• The herpes simplex virus: This virus can cause a secondary infection called eczema herpeticum. Without treatment, this condition can have severe consequences, including scarring, blindness, or death, in rare cases. For this reason, people with eczema should avoid contact with individuals with cold sores and seek medical attention for any suspected eczema infections.

There are several possible complications from eczema, including infection and resistance to treatment. An eczema infection can result in:

  • the condition taking longer to heal
  • increased itchiness
  • scarring

An untreated staph infection can also cause a potentially fatal blood infection called sepsis. Younger children are particularly at risk of this complication.

In addition, if a person applies topical steroids for long periods, eczema may become more difficult to treat and resistant to the medication. One study also suggests that topical corticosteroid use could affect growth and delay puberty in children with eczema. However, in general, there is no evidence to support this suggestion.

Although there is no cure for eczema, a person can ease symptoms with various treatment options.

Topical steroids can fight the inflammation that stimulates eczema, but they can cause thinning of the skin and immune system complications. Doctors may also prescribe topical antibiotics, anti-inflammatory medication, or skin barrier creams.

In people with severe eczema, doctors may recommend oral prednisone, a synthetic steroid. However, in most cases, when a person stops taking this drug, symptoms return, potentially worse than before.

Occasionally, healthcare professionals may prescribe immunosuppressants to dampen the immune system’s response to allergens that can trigger certain types of eczema. These drugs include cyclosporin and methotrexate, but they may cause side effects.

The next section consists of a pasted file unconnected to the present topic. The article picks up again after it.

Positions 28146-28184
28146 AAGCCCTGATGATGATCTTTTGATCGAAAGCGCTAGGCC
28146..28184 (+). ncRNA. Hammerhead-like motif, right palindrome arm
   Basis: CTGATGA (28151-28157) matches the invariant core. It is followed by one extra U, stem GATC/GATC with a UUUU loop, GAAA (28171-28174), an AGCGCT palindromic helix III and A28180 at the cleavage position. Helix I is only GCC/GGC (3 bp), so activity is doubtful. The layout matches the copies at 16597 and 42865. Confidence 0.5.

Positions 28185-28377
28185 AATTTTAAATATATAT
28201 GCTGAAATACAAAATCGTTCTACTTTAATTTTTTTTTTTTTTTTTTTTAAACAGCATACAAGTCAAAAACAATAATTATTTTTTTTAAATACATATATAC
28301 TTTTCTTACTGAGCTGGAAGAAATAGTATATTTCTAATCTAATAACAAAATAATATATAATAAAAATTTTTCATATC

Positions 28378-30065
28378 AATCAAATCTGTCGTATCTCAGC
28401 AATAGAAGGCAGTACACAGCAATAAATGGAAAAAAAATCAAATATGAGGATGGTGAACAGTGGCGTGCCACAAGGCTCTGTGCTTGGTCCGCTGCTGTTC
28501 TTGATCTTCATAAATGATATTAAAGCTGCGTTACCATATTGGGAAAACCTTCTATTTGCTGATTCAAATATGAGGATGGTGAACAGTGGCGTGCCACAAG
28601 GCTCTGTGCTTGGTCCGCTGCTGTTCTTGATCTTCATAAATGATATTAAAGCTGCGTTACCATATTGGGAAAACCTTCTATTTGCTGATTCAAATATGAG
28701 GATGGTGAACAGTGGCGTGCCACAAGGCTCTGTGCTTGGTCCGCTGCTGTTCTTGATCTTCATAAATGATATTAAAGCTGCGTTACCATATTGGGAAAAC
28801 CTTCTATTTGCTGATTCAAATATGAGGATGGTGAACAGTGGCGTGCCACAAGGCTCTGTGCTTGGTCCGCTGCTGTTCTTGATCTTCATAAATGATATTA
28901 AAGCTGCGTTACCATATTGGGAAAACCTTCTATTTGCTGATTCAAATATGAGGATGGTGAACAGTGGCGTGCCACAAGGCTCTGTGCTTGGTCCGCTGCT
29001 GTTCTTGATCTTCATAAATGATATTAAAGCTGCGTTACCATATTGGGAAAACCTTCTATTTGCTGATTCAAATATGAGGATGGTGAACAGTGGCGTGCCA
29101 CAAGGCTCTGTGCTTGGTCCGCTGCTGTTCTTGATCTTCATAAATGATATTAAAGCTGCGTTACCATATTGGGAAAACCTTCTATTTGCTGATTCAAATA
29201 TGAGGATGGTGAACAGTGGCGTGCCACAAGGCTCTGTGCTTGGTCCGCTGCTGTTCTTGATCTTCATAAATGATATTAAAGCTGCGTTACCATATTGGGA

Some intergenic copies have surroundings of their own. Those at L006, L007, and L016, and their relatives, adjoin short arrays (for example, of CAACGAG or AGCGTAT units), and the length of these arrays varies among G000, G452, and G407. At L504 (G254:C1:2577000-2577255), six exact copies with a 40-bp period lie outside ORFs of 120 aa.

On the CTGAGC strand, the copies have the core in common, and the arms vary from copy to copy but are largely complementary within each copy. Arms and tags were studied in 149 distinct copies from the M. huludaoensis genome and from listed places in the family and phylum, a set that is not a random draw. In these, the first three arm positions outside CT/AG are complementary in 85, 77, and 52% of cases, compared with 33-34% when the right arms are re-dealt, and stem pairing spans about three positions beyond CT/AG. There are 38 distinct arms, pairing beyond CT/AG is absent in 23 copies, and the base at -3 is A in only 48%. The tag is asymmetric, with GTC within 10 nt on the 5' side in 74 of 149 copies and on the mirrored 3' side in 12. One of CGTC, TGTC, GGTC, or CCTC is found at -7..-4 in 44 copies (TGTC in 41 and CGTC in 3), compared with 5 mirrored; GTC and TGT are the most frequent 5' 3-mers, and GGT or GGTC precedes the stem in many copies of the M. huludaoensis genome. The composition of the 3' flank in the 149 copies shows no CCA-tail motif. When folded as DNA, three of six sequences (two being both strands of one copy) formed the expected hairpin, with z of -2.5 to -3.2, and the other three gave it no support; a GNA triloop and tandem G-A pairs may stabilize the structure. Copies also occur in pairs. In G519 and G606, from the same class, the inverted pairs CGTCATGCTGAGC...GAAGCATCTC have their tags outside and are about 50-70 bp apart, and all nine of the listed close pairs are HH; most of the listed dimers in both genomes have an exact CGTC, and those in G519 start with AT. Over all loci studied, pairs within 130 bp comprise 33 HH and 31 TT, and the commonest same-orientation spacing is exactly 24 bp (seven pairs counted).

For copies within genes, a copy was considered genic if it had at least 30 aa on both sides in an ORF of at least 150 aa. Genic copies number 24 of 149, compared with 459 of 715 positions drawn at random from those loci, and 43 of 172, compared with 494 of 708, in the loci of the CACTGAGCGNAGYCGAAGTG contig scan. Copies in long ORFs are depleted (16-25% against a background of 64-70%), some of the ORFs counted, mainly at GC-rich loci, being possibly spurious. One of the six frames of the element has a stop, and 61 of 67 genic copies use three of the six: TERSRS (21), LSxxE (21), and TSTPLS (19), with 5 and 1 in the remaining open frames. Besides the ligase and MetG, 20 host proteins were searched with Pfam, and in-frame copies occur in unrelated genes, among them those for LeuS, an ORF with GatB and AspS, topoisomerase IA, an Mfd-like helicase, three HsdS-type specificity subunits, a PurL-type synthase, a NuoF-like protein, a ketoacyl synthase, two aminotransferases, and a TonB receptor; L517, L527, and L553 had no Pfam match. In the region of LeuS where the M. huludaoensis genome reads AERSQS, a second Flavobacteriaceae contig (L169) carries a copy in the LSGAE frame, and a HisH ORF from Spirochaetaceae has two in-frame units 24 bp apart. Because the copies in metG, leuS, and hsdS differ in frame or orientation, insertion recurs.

Finally, a recent proof-of-concept study suggests a new drug called etokimab may be effective in improving the symptoms of atopic dermatitis.

Home remedies

For people with concerns about taking prescribed medications, home treatments for eczema may help. These include:

Depending on the cause of eczema, it may be possible to prevent a flareup. For example, people can avoid irritants and allergens that may trigger the condition. Children may find that following a specific diet helps them prevent inflammation and eczema.

There is some evidence to support the use of probiotics to prevent eczema, although further studies are needed. A review states that bathing in a diluted bleach bath can kill bacteria on the skin’s surface, improve eczema symptoms, and reduce flareups. However, this report also suggests that more investigations are needed.

Because young children are particularly at risk of complications from eczema, it is a good idea to seek medical advice if symptoms of a skin condition occur.

If an individual has eczema that persists, is severe, or does not respond to treatment, they should speak with their doctor. They should also seek medical advice if they develop a fever, chills, or an eczema infection.

A person with weeping eczema will experience blisters on the skin that ooze fluid, which dries and eventually forms a yellow crusty layer.

The condition is due to infection when the skin becomes broken, allowing microorganisms, such as bacteria, viruses, and fungi, to enter the body.

People should always seek medical attention in the event of an eczema infection as it can lead to severe complications.

Prescription medications may include topical steroid creams, antibiotics, and oral medications. If people have concerns about side effects, natural remedies or home treatments may help ease symptoms.